Haunch Paunch and Jowl (1923, Samuel Ornitz)

This is a rather obscure book by a rather obscure author. The few people to whom the name Samuel Ornitz might mean anything are more likely to recognize him as a screenwriter than as a novelist, and his film career was not particularly illustrious (he’s best known for being one of the Hollywood Ten). A few scholars of Jewish-American fiction might have heard of him―perhaps even have read him―but despite being reprinted in the 80s, the book under review here (his debut) can hardly be said to have secured its author’s lasting fame. Yet Haunch Paunch and Jowl* was a big commercial success in its day. Its mention in the Wikipedia entry on Ornitz caught my attention (‘[it] contains an early use of stream-of-consciousness writing in American fiction’); when I saw, at the bottom of the page, that the whole text was available to read online for free, I decided that it was worth at least a brief investigation, and that brief investigation of the first page nudged me into reading the whole thing properly.

The narrator is Meyer Hirsch, a successful New York judge, who looks back at his rise from childhood poverty to wealth and status. It soon becomes clear that the behavior he displays as a boy (devious, selfish, motivated by ruthless ambition) sets the pattern for his adult career, and that the success enjoyed by the middle-aged Meyer has been achieved through dubious means. Apart from a few instances of flash-forwards, the narrative is mostly linear, though episodic and jumpy, with a very vague timeline; no dates are given, though one would suppose that the story opens in the late 19th century. At the start, Meyer is a young boy living in a tiny apartment with his mother, father and uncle. The men spend most of their day slaving at their meagrely-paid jobs, while the mother is scarcely less harried by the demands of simply sustaining an existence. The three Yiddish-speaking adults are émigrés from Russia, driven from their homeland by pogroms; the rich German Jews who are their new employers and exploiters look down on families such as the Hirsches as belonging to an uncivilized peasant culture. He is given the nickname of ziegelle, or little goat, which was bestowed upon him affectionately by his mother, but is resented by Meyer due to the teasing to which he is subjected by his peers. It turns out that the term of endearment was not an arbitrary choice, for Meyer learns to his dismay that when he was born during the family’s passage to America, he was indeed suckled by a goat while his mother lay sick. The young Meyer is taunted by shadows on the wall of his apartment, imagining that they are cavorting goats come to mock him; even the shadows of his mother’s beckoning arms take on this aspect. Meyer complains about his nickname to Berel the harness-maker:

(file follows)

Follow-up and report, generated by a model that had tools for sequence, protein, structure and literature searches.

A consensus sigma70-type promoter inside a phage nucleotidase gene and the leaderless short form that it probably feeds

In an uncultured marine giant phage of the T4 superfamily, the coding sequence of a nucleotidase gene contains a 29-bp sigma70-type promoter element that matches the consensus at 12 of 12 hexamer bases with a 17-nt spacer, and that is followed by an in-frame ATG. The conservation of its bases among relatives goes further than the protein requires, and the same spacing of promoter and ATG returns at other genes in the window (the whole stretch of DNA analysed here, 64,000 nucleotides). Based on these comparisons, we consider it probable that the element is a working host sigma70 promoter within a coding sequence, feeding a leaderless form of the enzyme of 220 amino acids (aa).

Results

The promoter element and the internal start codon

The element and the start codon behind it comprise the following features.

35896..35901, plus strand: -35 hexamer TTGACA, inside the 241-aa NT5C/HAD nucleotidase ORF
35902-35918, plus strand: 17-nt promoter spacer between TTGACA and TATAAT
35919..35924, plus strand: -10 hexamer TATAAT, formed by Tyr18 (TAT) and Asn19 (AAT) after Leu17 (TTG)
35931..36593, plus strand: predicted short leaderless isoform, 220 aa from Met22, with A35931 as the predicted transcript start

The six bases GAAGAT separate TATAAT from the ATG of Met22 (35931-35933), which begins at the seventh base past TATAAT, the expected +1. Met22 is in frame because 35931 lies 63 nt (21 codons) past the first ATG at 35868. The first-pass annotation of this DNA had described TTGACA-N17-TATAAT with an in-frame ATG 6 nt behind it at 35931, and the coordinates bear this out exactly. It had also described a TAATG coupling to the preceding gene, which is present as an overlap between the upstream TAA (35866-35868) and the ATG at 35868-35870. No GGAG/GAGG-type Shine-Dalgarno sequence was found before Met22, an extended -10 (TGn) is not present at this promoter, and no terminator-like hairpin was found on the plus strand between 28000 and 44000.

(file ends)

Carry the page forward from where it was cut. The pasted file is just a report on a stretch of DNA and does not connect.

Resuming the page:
“Then tell me, Berel, be so good, what’s the matter nobody likes a goat and everybody makes fun of them.”
  “First place, nothing bothers a goat and that makes people angry. A goat manages to get along where any other creature would perish. Stubble, twigs, anything is food and nourishment for him. He is a sidestepper, can walk a narrow ledge or fence, if need be. He is for himself; unfeeling, and befriends no one. An unlikable, ugly thing with a most unreasonable smell. And I have noticed that a goat is the only thing ridicule can’t kill.”

Of course, this describes the goatish disposition Meyer will display through the years, though I feel Ornitz could have done more to sustain the goat imagery in the latter parts of the book (indeed, there’s a lot of animal imagery in the early chapters, and it’s a shame that it peters out). Here, goats are contrasted with lambs―specifically with Berel’s peaceable employee Lutz, who lies severely injured after being assaulted by policemen. It is the goats who prosper, while the lambs are trodden underfoot. This, it would appear from Ornitz’s book, is the ordinary state of affairs in a capitalist society, in which success always comes at the expense of others. The young Meyer gets an early taste of the pitiless power-play success requires in his involvement with the local gang, working his way up from the very bottom:

I am in a hurry to join the Ludlow Street Gang. Just yesterday I was admitted to its glorious ranks as the fourteenth leader. I was not Leader the Fourteenth, but of the whole gang fourteenth in prowess and importance. However, I had only thirteen superiors. Being the lowest step in the ladder, I was most frequently trod upon; but it was sweet suffering, the travail of a hero. . . . **